Friday, February 16, 2018

See Majestic Eagles Swoop, Glide, Dip, and Dive At Annual Eagle Watch In the Litchfield Hills

An outdoor buffet in winter may not sound tempting to most of us, but to our national bird, the regal American bald eagle, it is a rare treat. When fishing grounds in their homes further north freeze over, these graceful birds make an annual journey to the Shepaug Dam on the Housatonic River in Southbury, in Connecticut's Litchfield Hills.

They favor this spot because the turbulent waters of the dam not only prevent freezing, but push fish to the surface, easy pickings for eagles who can swoop down and feast on their favorite dish. Thrilling to see in full flight, the majestic bald eagle can measure 34 to 43 inches in length with a wingspan of six to seven and a half feet.
Their flight speed is between 36 to 44 miles per hour. Everyone is invited to view these fascinating winter guests at the Eagle Observation Area near the Shepaug Housatonic Hydroelectric Station. An organized eagle watch takes place every Wednesday, Saturday and Sunday from 9 a.m. to 1 p.m. through March 12.
Admission is free but since space is limited reservations are required; group and individual reservations are accepted. In addition to eagle viewing,the CT Audubon will host a birds of Prey show on Saturdays throughout the viewing season. This year for the first time reservations can be made on-line 
The shelter, maintained by FirstLight Power Resources, is located 1000 feet from the river, affording safety for the eagles while providing an excellent vantage point. High powered telescopes are set up on tripods for visitors. Knowledgeable Audubon volunteers are on hand to assist in spotting and answer questions about the birds.

The volunteers maintain a helpful website,, with information about eagles and recent visitor statistics. Reservations can be made on this site. Nearly 148,000 people have visited the observation area since it was opened to the public in 1986. On an average day in past years, six or seven eagles were sighted, but lucky viewers on the best days in the past have spotted as many as 15 to 21 eagles in action. Chances are best on cold clear days when the surfaces of most other rivers and ponds have frozen. Visitors are advised to dress warmly in layers and to allow plenty of time to wait for the eagle action to begin. 

Wednesday, February 14, 2018

Patriotic Posters and Programs @ Bruce Museum

The variety of approaches that government agencies used to encourage widespread participation in the war effort was impressive, from the allure of artist Howard Chandler Christy’s young woman who, in a 1917 poster, seductively proclaimed, “I Want You for the Navy,” to the inquisitional tone of a war loan poster of the next year: “Are you 100% American? Prove it! Buy U.S. Government Bonds.”

Other posters combine image and text in ingenious, surprising, and sometimes disturbing combinations. In one of the iconic wartime posters from 1918, artist Joseph Pennell powerfully imagined a partially destroyed Statute of Liberty and New York City aflame in the background, with the plea, “That Liberty Shall Not Perish from the Earth / Buy Liberty Bonds / Fourth Liberty Loan.”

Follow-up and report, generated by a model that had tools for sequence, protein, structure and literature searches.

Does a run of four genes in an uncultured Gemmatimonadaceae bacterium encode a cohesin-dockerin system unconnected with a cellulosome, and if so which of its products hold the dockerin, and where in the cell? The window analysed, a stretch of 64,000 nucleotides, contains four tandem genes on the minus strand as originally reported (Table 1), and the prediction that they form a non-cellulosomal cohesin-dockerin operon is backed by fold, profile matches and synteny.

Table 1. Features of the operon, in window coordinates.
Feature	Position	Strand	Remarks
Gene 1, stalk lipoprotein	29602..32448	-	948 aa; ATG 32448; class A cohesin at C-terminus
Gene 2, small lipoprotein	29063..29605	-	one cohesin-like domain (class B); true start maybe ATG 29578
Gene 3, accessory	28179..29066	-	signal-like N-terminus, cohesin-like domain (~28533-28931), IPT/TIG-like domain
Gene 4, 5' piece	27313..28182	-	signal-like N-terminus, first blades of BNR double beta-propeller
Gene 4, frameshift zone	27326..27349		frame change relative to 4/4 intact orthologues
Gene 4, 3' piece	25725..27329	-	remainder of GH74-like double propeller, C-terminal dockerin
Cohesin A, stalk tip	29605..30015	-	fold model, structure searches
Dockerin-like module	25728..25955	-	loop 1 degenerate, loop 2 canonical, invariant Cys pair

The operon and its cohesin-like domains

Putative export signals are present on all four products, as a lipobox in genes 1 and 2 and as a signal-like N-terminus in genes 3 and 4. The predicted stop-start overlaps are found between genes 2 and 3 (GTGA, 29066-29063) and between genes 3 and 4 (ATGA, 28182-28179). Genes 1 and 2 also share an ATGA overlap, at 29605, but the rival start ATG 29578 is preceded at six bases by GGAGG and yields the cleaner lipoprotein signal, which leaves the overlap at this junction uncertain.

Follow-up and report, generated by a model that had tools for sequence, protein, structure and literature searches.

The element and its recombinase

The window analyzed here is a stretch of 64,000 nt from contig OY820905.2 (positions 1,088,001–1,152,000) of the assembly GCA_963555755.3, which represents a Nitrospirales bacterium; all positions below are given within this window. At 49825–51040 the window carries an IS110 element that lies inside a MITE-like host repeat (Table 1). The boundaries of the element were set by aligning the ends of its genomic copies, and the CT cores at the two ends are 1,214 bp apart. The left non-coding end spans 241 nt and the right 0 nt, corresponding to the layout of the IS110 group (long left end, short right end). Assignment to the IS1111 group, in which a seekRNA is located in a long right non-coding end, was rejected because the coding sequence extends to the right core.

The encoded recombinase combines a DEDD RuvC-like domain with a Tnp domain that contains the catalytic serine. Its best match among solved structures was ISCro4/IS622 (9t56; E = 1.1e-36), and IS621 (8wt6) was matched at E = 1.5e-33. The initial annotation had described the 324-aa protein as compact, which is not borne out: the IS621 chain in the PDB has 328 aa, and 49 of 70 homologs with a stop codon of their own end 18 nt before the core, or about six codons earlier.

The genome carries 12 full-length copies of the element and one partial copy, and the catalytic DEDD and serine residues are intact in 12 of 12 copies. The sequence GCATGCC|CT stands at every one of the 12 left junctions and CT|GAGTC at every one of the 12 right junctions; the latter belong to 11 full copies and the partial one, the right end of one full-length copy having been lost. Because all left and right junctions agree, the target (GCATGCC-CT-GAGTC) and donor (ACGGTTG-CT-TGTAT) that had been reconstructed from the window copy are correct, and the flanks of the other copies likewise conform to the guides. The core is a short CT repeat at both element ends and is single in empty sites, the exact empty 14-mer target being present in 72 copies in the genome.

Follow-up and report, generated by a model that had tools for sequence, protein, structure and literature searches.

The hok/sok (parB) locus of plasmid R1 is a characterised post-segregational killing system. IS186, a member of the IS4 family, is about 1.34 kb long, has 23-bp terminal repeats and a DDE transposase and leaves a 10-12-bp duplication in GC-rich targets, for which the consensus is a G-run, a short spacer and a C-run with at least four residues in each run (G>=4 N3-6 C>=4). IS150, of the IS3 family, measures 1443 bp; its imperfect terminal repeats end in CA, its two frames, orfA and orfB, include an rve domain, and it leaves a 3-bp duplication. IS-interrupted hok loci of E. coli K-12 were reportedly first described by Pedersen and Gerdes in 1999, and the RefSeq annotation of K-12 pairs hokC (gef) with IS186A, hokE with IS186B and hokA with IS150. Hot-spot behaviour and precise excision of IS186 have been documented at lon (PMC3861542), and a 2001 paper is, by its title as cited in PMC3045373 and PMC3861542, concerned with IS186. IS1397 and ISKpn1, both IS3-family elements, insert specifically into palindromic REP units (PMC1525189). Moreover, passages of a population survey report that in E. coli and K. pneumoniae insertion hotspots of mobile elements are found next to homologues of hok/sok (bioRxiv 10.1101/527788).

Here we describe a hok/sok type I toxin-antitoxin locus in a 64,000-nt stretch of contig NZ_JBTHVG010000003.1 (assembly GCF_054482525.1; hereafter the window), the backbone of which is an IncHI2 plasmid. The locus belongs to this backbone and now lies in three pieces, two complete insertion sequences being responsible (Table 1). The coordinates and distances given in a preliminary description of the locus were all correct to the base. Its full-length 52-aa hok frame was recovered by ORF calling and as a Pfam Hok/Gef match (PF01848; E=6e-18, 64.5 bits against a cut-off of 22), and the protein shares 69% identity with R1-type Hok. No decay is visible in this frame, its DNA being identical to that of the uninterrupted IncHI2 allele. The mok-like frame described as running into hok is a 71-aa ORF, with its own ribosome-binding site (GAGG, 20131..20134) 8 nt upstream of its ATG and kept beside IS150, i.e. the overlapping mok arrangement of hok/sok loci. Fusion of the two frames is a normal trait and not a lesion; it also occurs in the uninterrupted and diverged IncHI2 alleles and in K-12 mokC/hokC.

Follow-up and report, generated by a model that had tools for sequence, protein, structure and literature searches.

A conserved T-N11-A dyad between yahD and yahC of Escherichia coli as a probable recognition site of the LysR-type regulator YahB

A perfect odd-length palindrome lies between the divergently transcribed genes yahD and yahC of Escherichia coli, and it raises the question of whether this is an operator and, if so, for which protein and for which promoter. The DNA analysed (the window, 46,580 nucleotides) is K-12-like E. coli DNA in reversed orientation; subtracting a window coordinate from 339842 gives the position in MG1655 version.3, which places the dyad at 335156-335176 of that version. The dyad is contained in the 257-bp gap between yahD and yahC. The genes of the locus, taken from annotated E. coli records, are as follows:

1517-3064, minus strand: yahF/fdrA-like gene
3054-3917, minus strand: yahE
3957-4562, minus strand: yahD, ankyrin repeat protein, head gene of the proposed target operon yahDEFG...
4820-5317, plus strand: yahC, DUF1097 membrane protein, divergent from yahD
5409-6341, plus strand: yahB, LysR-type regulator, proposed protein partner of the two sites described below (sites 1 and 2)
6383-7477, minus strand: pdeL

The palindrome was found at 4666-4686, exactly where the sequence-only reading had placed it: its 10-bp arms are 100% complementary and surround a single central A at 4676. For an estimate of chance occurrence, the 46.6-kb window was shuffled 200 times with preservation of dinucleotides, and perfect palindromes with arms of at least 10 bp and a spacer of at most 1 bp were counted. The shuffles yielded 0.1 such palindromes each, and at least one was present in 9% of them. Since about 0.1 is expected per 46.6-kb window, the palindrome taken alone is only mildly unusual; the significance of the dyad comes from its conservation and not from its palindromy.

This show represents a hallmark of the Bruce -- to develop creative ways to showcase our collection in meaningful exhibitions that link artistic works with human history on a global and local scale,” says Kirsten Reinhardt, museum registrar. “These posters were displayed all over the country, including in Greenwich, and the power of their message remains strong today.” 

Once hailed as “the War to End All Wars,” World War I was one of the largest and deadliest conflicts in human history. Over 70 million personnel were mobilized, and more than 9 million military combatants and 7 million civilians died during the four and a half years of conflict, much of it spent in the grueling stalemate of trench warfare.

After long pursuing a policy of non-intervention, the United States entered the war on April 6, 1917. Responding to patriotic appeals and passage of the Selective Service Act, four million Americans served in uniform during the Great War, including, for the first time, thousands of women. In all, 116,516 U.S. soldiers gave their lives in combat, and an additional 200,000 were wounded, a casualty rate far greater than in World War II. According to "Greenwich, An Illustrated History," 30 young men from Greenwich were either killed in action or died from their wounds.

Patriotic Persuasion: American Posters of the First World War is organized by Elizabeth D. Smith, Zvi Grunberg Resident Fellow 2017-18, in consultation with Ken Silver, Adjunct Curator at the Bruce Museum and author of Esprit de Corps: The Art of the Parisian Avant-garde and the First World War, 1914-1925. The exhibition is generously supported by The Charles M. and Deborah G. Royce Exhibition Fund, with support from the Connecticut Office of the Arts.

Related Programs:

Film: The Great War, March 21 & 28
Drawing on unpublished diaries, memoirs and letters, the PBS documentary The Great War tells the story of World War I through the voices of nurses, journalists, aviators and the American troops who came to be known as “doughboys.” The two-part series explores the experiences of African-American and Latino soldiers, suffragists, Native American “code talkers,” and others whose participation in the war to “make the world safe for democracy” has been largely forgotten. It is a story of heroism and sacrifice that would ultimately claim 15 million lives and profoundly change the world forever.